Chief Of Air Staff Keynote Address At 9th Bola Tinubu Colloquium

Chief Of Air Staff Keynote Address At 9th Bola Tinubu Colloquium
Chief Of Air Staff Keynote Address At 9th Bola Tinubu Colloquium

Chief Of Air Staff Keynote Address At 9th Bola Tinubu Colloquium




1. I consider it a privilege to have been invited to deliver a keynote address as a Special Guest at the 9th Bola Tinubu Colloquium. I therefore express my appreciation to the organisers of this event for this singular honour. I am particularly thrilled at the theme of this year’s event, which is “Make it in Nigeria: Use What We Make, Make What We Use”. I am thrilled because it affords me the opportunity to showcase how the Nigerian Air Force has been innovating locally to maintain its array of platforms, weapon systems and associated equipment. However, kindly spare me a few moments to first highlight the significance of air power over the course of history.

2. Right from 1903, when the Wright brothers conducted the first successful flights, air power has played decisive roles in combats. The first instance of the use of air power was during the War between Italy and the Ottoman Empire in 1911, when a young Italian pilot was ordered to throw grenades from his aircraft to strike enemy encampments. Other subsequent uses of air power in battle were the successful German Gotha bombing of London during World War 1 and the German Blitzkrieg operations of World War 2. The Luftwaffe demonstrated the doctrines of control of air and support to surface forces with so much efficiency that it stunned the opponents into submission. This must have spurred Winston Churchill to say then, “Not to have an adequate air force in the present state of the world is to compromise the foundations of national freedom and independence”. That statement still holds true until today.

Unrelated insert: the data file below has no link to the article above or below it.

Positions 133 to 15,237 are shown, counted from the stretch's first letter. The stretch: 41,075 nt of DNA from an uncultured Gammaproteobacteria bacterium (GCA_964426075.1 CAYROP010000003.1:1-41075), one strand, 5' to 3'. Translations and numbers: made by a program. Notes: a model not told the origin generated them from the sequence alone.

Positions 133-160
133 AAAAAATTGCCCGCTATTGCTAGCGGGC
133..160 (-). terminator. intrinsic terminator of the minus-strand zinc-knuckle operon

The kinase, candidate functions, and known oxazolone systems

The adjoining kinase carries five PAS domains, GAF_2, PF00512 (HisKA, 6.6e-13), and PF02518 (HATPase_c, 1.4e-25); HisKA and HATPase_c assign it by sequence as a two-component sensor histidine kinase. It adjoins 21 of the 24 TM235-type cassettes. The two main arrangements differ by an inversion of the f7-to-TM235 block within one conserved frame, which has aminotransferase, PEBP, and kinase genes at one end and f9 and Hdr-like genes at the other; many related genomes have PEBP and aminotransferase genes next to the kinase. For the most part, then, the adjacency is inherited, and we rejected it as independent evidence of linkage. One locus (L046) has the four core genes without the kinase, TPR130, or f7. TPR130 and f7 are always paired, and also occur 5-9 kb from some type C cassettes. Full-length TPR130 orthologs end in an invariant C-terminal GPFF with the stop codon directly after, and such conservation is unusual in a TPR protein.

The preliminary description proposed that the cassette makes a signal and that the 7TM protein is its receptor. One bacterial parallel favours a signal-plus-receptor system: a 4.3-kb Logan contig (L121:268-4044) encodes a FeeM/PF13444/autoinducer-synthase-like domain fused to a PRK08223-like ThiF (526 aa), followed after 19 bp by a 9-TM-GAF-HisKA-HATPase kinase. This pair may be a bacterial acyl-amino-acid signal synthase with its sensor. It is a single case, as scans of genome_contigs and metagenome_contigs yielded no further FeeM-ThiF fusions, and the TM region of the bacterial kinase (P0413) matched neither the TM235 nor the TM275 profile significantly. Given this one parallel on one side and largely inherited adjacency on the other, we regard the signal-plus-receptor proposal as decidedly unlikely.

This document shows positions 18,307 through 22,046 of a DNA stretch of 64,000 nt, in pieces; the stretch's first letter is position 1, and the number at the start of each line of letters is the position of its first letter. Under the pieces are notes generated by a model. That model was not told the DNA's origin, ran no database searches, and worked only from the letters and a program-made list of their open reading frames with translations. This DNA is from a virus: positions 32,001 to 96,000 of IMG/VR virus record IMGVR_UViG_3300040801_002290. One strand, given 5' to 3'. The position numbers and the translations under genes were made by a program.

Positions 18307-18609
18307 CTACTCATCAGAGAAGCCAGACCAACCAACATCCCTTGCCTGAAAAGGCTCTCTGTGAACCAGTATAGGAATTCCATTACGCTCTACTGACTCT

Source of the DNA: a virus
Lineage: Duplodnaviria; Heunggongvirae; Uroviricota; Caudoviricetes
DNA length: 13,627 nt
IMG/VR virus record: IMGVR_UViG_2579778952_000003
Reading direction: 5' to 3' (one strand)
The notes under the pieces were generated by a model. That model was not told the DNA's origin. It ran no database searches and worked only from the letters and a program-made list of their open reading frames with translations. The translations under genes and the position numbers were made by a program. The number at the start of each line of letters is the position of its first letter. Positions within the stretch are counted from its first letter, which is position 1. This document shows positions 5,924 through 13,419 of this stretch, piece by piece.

3. More recently, in the Falklands War between Argentina and Great Britain in 1982, the decisive battle that determined the fate of the islands was fought in the air. Again, air power proved to be the most decisive factor that brought the Gulf War of 1991 to a speedy conclusion. The Gulf War lasted
for 43 days out of which the ground offensive took only 5 days, sequel to the successful air campaign mounted by the Coalition Forces against the Iraqi Forces. Furthermore, air power was fundamental to the enforcement of the no-fly zone established by the UN Security Council over Bosnia-Herzegovina in 1992 during the Yugoslav War.

4. Back home, air power has also played decisive roles in bringing conflicts to speedy resolutions, right from the Nigerian Civil War, when the Nigerian Air Force was launched into battle barely 2 years after its establishment. Since then, the Nigerian Air Force has successfully used air power to project Nigeria’s interests during the Nigerian-Chadian Conflict of 1983 and the ECOMOG Operations in both Liberia and Sierra Leone. So impressed was the one time ECOMOG Field Commander, Gen Victor Malu, with the efficacy of air power that he stated “In any modern operation, you can never underrate the use of air power. You either have it or you don’t go into the operation”. We are all witnesses to the recent swift deployment of our troops to Gambia, which brought the political impasse in that country to a quick resolution. The swiftness of that deployment was only made possible by the availability of serviceable Nigerian Air Force air assets.